submarines

Commentary on the UK Trident Alternatives Review

The government published its Trident Alternatives Review earlier today. This short briefing gives an immediate response. BASIC will later this year be publishing the results of the Trident Commission, considering the broader issues that form the context of the decision.

Today’s technical government review has highly political roots in the desire by Liberal Democrats to ask two key (strategic, political) questions:

The British Trident debate: an opportunity for progress?

Whether you support or oppose them, nuclear weapons have become an entrenched part of the British security discussion, with periods of major debate - in the 1960s and 1980s especially - leaving a lasting impact on the national psyche. But it’s rare that we have the chance to see governments - in the UK or elsewhere - step back and engage in truly forward-thinking, public consideration of why that is the case, and what the alternatives might be. This could be one of those moments for the UK. Could. Whether it will or not, remains to be seen.

Trident in UK Politics and Public Opinion

Nuclear weapons policy looks set to feature as a political issue in the 2015 general election. A broad consensus on UK nuclear weapons policy since of the end of the Cold War amongst the party leaderships of the three main Westminster parties has been disturbed by the debate on whether and, if so, how to replace the current Trident nuclear weapons system. This has been exacerbated by a coalition government in which the Liberal Democrats have broken ranks and moved towards active consideration of a smaller, cheaper replacement for Trident that does not entail continuous deployment of nuclear weapons at sea.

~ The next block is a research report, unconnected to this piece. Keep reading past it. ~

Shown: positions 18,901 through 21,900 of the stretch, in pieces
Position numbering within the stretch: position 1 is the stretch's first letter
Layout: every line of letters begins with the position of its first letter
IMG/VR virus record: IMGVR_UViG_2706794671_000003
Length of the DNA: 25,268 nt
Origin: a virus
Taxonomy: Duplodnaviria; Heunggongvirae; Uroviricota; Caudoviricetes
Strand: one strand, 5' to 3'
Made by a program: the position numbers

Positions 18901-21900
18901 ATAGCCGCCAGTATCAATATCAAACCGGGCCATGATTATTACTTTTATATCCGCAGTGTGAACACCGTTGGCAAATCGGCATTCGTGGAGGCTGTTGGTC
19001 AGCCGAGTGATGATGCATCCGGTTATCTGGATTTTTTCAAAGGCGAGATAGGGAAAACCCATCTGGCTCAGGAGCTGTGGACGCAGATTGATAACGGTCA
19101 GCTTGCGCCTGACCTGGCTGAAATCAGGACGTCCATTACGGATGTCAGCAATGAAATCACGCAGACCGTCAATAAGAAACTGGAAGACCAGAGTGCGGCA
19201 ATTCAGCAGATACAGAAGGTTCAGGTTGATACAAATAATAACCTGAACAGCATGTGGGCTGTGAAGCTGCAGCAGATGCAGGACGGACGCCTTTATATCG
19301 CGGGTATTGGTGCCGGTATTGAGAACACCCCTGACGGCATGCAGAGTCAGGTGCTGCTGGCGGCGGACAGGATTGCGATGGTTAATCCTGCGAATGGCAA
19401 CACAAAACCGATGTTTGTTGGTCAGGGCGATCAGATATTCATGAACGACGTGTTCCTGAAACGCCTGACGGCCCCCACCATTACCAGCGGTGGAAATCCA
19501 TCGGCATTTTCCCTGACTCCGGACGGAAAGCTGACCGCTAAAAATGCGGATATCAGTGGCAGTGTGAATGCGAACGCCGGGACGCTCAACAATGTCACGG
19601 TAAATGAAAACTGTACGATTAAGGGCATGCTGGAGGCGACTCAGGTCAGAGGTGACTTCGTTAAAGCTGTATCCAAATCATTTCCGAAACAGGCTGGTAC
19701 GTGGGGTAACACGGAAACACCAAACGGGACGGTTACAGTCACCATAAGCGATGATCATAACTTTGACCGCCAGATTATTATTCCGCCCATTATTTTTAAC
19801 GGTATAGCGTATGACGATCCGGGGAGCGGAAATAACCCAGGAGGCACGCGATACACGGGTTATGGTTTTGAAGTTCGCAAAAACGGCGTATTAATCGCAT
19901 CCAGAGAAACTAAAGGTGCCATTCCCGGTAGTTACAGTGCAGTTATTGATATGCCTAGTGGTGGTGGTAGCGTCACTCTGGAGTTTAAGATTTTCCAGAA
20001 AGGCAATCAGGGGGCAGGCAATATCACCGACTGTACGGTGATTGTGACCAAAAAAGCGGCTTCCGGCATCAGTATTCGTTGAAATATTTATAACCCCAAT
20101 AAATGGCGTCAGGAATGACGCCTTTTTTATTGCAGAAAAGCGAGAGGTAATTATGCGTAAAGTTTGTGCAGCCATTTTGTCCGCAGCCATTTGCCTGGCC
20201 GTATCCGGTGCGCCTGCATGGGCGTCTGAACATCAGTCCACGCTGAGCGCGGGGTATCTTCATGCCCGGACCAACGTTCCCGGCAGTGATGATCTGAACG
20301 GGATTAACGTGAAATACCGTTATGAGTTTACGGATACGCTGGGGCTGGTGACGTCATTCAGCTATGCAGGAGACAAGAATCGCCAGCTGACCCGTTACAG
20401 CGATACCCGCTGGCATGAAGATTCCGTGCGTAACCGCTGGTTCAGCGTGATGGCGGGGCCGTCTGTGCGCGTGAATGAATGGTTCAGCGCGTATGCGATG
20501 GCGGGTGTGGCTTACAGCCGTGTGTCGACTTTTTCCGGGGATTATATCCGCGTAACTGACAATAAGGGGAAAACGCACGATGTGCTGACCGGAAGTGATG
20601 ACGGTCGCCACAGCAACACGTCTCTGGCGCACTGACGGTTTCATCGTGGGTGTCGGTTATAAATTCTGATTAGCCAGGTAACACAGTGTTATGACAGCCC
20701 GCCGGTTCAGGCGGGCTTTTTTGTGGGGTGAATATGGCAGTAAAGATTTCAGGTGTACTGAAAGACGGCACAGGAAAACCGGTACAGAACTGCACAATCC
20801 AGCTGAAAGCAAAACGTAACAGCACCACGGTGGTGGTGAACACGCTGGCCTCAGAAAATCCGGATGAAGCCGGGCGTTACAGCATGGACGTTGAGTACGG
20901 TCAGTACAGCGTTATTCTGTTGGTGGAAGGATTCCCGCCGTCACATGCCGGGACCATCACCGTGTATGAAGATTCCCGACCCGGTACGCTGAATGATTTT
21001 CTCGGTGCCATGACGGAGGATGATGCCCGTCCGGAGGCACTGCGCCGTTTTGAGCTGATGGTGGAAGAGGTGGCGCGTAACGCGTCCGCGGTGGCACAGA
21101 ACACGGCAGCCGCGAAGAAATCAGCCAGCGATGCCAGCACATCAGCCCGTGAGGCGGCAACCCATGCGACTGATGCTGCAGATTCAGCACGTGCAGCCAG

Getting to Zero Update

This Week - Time for a New Cross-Party Examination of Trident Renewal

On Wednesday of this week BASIC will launch a cross party Trident Commission to take advantage of the opportunity that was opened up by the British government to consider its nuclear weapons policy, when it decided to delay the timetable for the construction of the replacement submarines on which the Trident system crucially depends.

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